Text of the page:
Love is in the air this May, as Comics Alliance Senior Editor Janelle Asselin launches “Fresh Romance,” a romance comics digital magazine and the premier title for her brand-new imprint, Rosy Press. Boasting an exciting line-up of creators including Sarah Vaughn, Arielle Jovellanos, Sarah Winifred Searle, Kate Leth and Sally Jane Thompson, “Fresh Romance” celebrates everything from Regency-era love stories, to queer high school flirtations, along with an advice column, a fashion report and behind-the-scenes details on anthology’s stunning artwork. Each monthly issue will contain three stories, some ongoing and some standalone, with each story being collected and released in its own ebook after concluding its run in the magazine. And while “Fresh Romance” is R-rated, the stories are intended to appeal to a wide variety of readers.
This project is debuting via a Kickstarter campaign, with support tiered into three-month, six-month and ongoing subscriptions. And as Rosy Press specializes in “publishing romantic fiction and nonfiction aimed at attracting a diverse readership,” backers will have plenty of steamy material to look forward to as long as Asselin is steering the love boat.
As the Kickstarter campaign picks up speed, CBR caught up with Asselin to discuss the details on her latest undertaking, including how the creative team came together, the importance of providing fair pay for creators under the Rosy Press umbrella and how she plans to assure it happens, and her plans for total comics world domination.
CBR News: In the scope of “Fresh Romance,” how are you defining romance comics? What qualities are most important for you to showcase?Â
Janelle Asselin: I’m not defining romance to the creators in any specific way — they’re welcome to create any kind of story, with any kind of people and gender pairing that they want, in any kind of setting. My priority is giving creators a platform for their stories, and I wanted to make sure that I wasn’t limiting what those stories could be.
The most important thing for me is that we show actual romance — not overblown soap-opera-y stories just about drama, and not outright erotica, but instead something else entirely. Pure romance, in all its forms.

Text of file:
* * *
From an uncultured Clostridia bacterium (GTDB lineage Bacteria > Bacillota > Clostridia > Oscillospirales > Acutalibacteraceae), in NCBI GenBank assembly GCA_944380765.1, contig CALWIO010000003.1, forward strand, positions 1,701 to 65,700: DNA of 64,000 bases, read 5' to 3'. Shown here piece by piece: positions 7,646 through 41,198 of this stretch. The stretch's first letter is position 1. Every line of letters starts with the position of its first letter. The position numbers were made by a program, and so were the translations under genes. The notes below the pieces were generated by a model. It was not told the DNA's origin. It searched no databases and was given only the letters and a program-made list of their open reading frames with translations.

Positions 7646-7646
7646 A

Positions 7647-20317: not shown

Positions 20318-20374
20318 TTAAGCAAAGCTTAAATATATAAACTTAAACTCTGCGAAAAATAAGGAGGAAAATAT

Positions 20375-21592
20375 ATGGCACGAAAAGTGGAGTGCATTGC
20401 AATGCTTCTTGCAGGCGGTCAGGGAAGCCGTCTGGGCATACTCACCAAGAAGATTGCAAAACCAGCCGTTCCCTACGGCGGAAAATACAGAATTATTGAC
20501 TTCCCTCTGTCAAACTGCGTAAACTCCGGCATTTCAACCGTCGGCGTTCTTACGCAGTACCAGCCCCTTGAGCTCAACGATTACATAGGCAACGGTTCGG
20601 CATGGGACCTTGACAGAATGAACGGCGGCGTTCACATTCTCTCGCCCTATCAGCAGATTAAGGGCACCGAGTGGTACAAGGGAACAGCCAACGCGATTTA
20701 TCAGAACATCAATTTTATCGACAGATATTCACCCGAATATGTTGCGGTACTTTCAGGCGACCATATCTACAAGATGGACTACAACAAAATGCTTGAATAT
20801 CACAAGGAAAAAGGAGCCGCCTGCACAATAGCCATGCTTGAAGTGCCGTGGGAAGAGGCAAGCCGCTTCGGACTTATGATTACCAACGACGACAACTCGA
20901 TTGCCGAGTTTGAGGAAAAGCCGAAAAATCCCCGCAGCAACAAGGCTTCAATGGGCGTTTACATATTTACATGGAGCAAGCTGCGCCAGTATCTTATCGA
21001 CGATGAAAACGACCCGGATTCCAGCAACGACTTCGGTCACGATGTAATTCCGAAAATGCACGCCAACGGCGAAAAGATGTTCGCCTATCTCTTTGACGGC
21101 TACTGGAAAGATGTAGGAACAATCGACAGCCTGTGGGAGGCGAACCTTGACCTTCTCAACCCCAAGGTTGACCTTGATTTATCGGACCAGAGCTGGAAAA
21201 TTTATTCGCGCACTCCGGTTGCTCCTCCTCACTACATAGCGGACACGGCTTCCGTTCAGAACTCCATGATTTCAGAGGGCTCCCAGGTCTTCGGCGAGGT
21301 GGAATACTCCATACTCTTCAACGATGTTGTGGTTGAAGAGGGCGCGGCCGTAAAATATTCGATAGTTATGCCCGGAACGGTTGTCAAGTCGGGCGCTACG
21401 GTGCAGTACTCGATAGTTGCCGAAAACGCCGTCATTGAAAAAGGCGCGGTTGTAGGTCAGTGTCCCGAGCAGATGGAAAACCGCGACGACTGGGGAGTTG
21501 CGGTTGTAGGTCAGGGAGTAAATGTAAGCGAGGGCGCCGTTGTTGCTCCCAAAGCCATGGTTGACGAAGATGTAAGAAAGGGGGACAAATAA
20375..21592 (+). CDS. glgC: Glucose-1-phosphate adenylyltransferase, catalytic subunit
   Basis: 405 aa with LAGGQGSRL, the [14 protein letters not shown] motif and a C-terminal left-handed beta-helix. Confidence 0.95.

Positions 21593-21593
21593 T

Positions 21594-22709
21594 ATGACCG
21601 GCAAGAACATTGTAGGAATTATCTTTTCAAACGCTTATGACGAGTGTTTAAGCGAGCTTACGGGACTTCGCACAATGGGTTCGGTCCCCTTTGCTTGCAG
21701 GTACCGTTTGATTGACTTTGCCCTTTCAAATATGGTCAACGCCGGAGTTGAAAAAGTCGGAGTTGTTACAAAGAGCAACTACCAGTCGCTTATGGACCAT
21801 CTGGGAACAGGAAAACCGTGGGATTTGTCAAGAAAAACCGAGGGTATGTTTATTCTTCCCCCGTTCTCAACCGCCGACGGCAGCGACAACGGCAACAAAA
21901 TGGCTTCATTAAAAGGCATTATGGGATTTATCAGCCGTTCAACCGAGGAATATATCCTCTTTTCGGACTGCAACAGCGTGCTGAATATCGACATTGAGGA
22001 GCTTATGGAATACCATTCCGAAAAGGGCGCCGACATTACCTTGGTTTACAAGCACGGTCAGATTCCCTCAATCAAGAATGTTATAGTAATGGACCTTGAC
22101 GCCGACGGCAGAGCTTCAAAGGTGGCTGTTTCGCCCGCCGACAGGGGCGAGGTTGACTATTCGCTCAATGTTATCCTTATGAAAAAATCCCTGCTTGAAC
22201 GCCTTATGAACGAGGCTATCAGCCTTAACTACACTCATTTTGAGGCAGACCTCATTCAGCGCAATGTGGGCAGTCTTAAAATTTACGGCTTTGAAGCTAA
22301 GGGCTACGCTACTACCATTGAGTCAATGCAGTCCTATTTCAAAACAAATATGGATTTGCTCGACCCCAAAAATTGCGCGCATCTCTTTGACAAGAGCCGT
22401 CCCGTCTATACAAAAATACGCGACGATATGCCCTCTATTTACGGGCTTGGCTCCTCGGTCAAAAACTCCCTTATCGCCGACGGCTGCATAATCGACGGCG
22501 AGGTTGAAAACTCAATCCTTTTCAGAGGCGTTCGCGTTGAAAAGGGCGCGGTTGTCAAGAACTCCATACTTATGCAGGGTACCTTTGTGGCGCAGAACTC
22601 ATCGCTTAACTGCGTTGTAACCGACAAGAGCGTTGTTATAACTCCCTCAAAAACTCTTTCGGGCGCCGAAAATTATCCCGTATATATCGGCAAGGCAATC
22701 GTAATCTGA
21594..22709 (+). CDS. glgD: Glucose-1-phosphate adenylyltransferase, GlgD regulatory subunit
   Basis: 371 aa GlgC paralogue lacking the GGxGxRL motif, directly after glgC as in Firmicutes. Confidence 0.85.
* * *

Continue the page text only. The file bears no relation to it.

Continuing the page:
How did the project come about?
So, the last few years, I’ve been plotting how to start my own publishing company. In December of last year I just knew I couldn’t wait anymore. The industry is getting more receptive to women as comics readers, and digital makes getting comics into people’s hands even easier. The time feels right. I started reaching out to some creators in January, and the response was soÂ positive that I knew I was onto something that, if nothing else, filled a gap in what comic creators wanted to be able to publish.Â
I’d spent a lot of time thinking about the best possible format to reach a wide audience, and hit upon doing an all-digital sort of magazine like they do in Japan with manga. It gives me the most bang for my buck as a publisher, because I can publish a bunch of different creators each month, but not have to do it in individual comics or graphic novels. In turn, readers get a greater range of possible stories and creators to enjoy. Plus, we’ll be doing columns and showing behind-the-scenes art and stuff that we won’t be collecting anywhere else. It also gives me the chance to work with creators who otherwise might be too busy to do more than 10 pages per month, so I think our caliber of creators is higher than it would otherwise be if I’d only wanted to do single issues.
You have some fantastic creators involved so far — can you tell me about each team and what their contribution is like?
We have such a great set of teams so far.Â There’s Kate Leth and Arielle Jovellanos with Amanda Scurti on colors, and they’re telling this great queer high school romance. Kate was attached pretty early on to write a story, and we started hunting for an artist. I’d sent a couple suggestions, and neither of us were really feeling them. Then I sent Arielle’s stuff to Kate, and I’m pretty sure the response I got was entirely in emoji. What I love about Arielle — and what makes her such a great fit for this story — is that her sense of fashion is really strong. Her characters have exactly the right kind of style and sass that Kate’s writing calls for. And Amanda was her first and only request as a colorist, so I think it’s safe to say the entire team is really excited to be working together.